The Lean Home

I’m going to geek out on you here for a bit, so stay with me.  I have a background in lean manufacturing.  If some upper level executive thought it up, I’ve implemented it: just-in-time manufacturing, kanban systems, 5S, lean office, one-piece flow, and modular manufacturing to name a few.

I work from home for the time being, and recently I started thinking about the way our family processes goods inside the home just as a manufacturer would process goods in a facility.  In a manufacturing facility, real estate costs money.  Storage costs money.  Hence the transition of “if you build it, they will buy it” to “let’s build to order.”  In a world of ever evolving technology where cars, computers, and other gadgets are pretty much outdated the minute you buy them, it doesn’t benefit manufacturers to build something and put it on a shelf.

In a typical household, we don’t think of real estate or our stuff costing us money, but it does.  If we can’t find something, it costs us time looking for it.  How much is your time worth?   $10 an hour, maybe $20, $50 and hour or more? If we purchase something again because we can’t find it, then it costs us money we didn’t need to spend and could have invested elsewhere.  If we pare our items down to the minimum, we won’t spend as much time organizing or sifting through the excess.

On the flip side, everyone likes to save money.  Who doesn’t like to stock up on a really good sale of shampoo, toothpaste, and toilet paper?  We’re going to use it eventually, right?  The problem with that philosophy is that eventually you get to the point where you can’t really know what you have and buy even more.  That may lead to excessive spending when you didn’t need to in the first place.  Here’s where lean manufacturing for the home comes into play.

 Let’s say that you have 10 bottles of shampoo that you bought on clearance.  You have to store those bottles somewhere, and it may end up in your garage because there certainly isn’t enough room in your bathroom with everything else stored there.  How long does a bottle of shampoo last you?  Maybe it will last you four months, or maybe you have kids, and it will last four days.  At four days a bottle, it may make sense to stock up 10 at a time.  However, if a bottle lasts you four months, the shampoo in your last bottle will be almost three and a half years old by the time you get to it.  I guarantee that bottle is not the same quality as when you purchased it.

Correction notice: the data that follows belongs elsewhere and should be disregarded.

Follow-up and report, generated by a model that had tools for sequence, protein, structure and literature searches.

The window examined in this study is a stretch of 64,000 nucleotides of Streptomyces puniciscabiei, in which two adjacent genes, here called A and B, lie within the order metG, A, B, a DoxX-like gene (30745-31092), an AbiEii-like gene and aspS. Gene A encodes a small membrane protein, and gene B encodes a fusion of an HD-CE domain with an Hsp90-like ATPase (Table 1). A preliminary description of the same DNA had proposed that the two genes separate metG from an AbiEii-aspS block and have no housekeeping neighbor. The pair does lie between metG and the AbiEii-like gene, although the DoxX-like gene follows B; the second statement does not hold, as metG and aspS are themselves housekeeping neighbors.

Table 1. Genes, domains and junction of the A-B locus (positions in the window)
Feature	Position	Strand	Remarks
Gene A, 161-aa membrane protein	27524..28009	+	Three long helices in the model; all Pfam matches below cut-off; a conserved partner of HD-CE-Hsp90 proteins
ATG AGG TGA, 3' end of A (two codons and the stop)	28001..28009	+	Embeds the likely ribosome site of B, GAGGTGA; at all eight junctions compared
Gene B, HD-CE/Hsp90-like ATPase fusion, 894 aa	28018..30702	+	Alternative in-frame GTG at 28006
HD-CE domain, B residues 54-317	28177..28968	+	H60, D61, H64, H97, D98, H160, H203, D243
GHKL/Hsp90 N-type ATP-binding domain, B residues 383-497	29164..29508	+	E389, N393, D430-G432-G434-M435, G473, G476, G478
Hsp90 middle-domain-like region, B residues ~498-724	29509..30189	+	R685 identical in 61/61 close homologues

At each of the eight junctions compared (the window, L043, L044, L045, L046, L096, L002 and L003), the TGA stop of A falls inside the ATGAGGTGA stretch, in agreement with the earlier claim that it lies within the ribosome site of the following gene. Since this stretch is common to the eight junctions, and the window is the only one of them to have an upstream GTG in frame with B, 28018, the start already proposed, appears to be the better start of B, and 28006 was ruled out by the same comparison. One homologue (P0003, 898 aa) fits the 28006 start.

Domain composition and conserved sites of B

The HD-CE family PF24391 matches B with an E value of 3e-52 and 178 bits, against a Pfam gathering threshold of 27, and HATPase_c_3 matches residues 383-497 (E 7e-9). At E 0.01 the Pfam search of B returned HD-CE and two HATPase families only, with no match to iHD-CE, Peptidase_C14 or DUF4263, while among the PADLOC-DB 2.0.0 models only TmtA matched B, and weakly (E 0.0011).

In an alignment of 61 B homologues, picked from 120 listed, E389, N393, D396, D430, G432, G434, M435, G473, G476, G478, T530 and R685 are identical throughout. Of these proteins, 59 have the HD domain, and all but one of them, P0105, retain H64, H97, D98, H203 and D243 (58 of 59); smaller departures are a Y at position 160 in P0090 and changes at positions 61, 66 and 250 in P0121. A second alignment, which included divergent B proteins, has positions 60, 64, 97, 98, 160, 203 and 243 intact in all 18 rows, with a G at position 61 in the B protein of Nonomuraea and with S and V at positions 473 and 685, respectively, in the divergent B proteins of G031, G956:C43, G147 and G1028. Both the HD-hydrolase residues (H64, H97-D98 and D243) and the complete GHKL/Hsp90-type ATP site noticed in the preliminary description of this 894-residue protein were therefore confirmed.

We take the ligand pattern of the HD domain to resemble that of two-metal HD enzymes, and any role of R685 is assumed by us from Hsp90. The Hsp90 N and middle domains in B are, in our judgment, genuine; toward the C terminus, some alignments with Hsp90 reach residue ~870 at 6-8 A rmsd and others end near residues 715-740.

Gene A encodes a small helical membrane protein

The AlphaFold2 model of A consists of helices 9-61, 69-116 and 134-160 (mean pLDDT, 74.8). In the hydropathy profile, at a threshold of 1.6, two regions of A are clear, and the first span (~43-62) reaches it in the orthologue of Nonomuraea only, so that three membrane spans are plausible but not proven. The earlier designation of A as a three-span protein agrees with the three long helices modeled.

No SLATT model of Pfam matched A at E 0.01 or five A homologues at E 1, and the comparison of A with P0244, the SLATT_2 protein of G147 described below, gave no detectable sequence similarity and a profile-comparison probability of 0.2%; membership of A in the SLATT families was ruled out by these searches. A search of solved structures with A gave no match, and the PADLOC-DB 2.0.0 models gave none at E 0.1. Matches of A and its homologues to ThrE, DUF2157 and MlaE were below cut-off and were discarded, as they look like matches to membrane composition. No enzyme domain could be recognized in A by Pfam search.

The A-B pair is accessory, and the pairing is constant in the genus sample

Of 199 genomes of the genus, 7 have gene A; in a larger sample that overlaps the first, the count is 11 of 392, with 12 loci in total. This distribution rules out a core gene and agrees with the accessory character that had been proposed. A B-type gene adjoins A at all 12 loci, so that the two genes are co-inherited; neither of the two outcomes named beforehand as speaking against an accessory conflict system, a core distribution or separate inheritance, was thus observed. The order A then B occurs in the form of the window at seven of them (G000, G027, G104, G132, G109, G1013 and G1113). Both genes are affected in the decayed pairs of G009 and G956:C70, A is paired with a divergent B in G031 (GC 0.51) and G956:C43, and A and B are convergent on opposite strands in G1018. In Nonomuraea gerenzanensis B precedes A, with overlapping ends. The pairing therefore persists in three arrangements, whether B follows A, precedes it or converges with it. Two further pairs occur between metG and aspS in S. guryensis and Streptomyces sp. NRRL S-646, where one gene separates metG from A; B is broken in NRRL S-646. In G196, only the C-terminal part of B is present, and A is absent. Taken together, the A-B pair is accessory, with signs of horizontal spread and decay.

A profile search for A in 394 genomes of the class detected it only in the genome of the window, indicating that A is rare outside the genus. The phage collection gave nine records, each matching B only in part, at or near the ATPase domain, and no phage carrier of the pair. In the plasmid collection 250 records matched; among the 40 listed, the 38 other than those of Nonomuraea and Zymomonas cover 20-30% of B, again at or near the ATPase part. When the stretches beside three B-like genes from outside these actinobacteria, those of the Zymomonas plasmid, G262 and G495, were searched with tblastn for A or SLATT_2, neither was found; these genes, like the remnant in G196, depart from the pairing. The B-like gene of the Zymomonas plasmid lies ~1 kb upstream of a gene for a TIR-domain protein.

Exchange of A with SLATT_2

So, what’s the solution using lean manufacturing as a guideline?  

 Step 1: Determine how often you like to go to the store.  I absolutely loathe going to Wal-Mart, but there are times that it’s necessary.  I live in a small town with a local grocery store and dollar store a mile away.  Wal-Mart and (my new favorite) Aldi are about 10 miles away.  I really only like to go food shopping about once or twice a week, and I can usually only tolerate Wal-Mart once a month.  Given the former, I should really only plan meals for about 4-7 days ahead of time.  I have a problem with buying produce and then forgetting to eat it.  This is my life, don’t judge.

Step 2: Determine what items would cause WW III in your house if you ran out.  For me, these include: toilet paper, shampoo, conditioner, soap, deodorant, toothpaste, and possibly laundry and dishwasher soap.

Step 3: Set up a kanban system.  A kanban system is used as a trigger to start making more of something in manufacturing.  The manufacturer uses the demand of an item along with the time it takes to manufacture and a little extra cushion to determine kanban quantities.   We can do this in our own homes.  When we are using a container/box/vat of one critical item, we can have one in reserve.  Since most household consumables typically last longer than a weekly shopping trip, the “right” thing to do is to put the item on your shopping list when there is only enough to last you until the next trip.  Yeah right.  One time my son was out of clean underwear, and I only found out because he was wearing swim trunks in the dead of winter.

Step 4: REALLY set up a kanban system.  Several years ago, all of my co-workers had to take a lean office training class.  The material tried to apply lean manufacturing to the office, and it ended up looking ridiculous.  In manufacturing, workers can cut down time spend searching for tools and parts using visual management boards, making a shadow kit, labeling parts, etc.  In lean office, you clear off everything from your desk that is not critical.  Next you outline everything with tape and label it.  That way you know if something is missing like a stapler.  See, it’s ridiculous – unless you lose your stapler a lot.

However, it doesn’t seem that ridiculous in a home when you are getting a shopping list together.  Wouldn’t you love to save some time doing that task?  If you have a place like a cabinet or container to store your reserve items, try organizing and then labeling everything.  When you are making your shopping list out, you’ll know exactly what to put on it because your kids were too busy to tell you they were out of toilet paper.

I obviously have a lot of work to do under my bathroom sink. 

I hope this gets you to start thinking about different ways to manage your household stuff.  I’m starting to shift my clearance sale mindset a bit, and I’m trying to figure out a way to live with less clutter and have more time to do the things I love.



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